In particular, issues of inspiration and inerrancy of the Bible and the fall of man need to be considered.  This will be done in later posts.  I have heard the question raised about the possibility of being a Christian and accepting evolution.  There are those who claim they are incompatible, and I have been branded an atheist by some because of that.  But as far as I am concerned, the mechanisms that the creator used to produce earth and the life on it, and what we believe about that, is really of no significance in a persons salvation and walk with their creator.

Other Related Blogs
Creation and the Big Bang
The Bible and Science

Tuesday, October 1, 2013

The Nature of the Creator

In an earlier blog I wrote about why a creator makes more sense for the origin of the universe, at least to me, than any of the alternatives.  I did not go into any details there concerning the nature of a universe creator, but would like to do that here.  I have read a number of books and articles that covered this same ground, some of which I agreed with and some not.  But I want to provide my own take on this.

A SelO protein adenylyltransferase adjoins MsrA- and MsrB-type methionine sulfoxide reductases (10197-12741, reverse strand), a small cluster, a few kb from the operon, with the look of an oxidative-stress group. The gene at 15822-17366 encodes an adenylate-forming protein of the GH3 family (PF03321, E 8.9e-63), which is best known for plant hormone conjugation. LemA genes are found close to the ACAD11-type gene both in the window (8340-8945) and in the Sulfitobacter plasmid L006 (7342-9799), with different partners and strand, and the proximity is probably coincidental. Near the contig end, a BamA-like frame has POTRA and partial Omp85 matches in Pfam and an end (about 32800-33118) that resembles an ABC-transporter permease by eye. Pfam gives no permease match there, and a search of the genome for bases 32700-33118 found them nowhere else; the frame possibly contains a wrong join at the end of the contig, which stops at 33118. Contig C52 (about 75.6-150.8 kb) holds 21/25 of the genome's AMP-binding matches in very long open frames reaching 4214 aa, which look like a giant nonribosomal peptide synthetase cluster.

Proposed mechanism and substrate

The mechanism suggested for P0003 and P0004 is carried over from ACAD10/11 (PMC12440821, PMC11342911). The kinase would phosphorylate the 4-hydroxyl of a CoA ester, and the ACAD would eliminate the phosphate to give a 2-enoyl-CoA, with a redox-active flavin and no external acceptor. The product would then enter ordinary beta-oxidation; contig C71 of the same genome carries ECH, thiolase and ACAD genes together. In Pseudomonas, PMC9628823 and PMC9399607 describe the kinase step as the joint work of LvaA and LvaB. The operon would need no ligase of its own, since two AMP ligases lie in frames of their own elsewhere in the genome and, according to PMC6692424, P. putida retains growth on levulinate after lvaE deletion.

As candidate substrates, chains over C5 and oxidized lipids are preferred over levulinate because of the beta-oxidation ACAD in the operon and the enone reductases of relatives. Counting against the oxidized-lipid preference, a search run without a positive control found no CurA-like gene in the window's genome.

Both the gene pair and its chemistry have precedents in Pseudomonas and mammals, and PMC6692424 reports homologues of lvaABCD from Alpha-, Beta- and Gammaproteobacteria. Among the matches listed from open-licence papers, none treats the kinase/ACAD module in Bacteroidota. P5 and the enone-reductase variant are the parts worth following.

In my way of thinking, power is required to produce something.  And the bigger and grander the product, the more power is required to produce it.  As humans we think of ourselves as pretty powerful, and yet producing something the size of the moon is well beyond our ability to execute.  I cannot imagine the amount of power that would be required to produce a universe.  Even a universe that unrolls from a singularity would require an amazing amount of power to start it, and keep it unrolling.

I have no idea about what lies beyond the universe we inhabit, nor what limits there might be on a universe creator in that realm.  But within the context of the creation, I think it is safe to identify the creator as all-powerful, omnipotent; without equal in power and ability; able to do whatever he chooses.


The more complex and elegant the design, the more intelligence is required to produce it.  And can you think of anything that is more complex or elegant than the universe, apart from its creator?  Is there anything about the creation that its creator would not know?


A creator would be distinct from his creation, independent of it and not limited by it.  Space and time are two limitations that we are very familiar with.  Everything in this universe, that I know about, is limited to being in a single location at any one moment in time.  And everything that I am aware of experiences the passage of time in a forward only manner, although I am aware that there is some thought that in the quantum world that forward only direction may not be completely applicable.  This lack of limitation has some interesting application to a creator.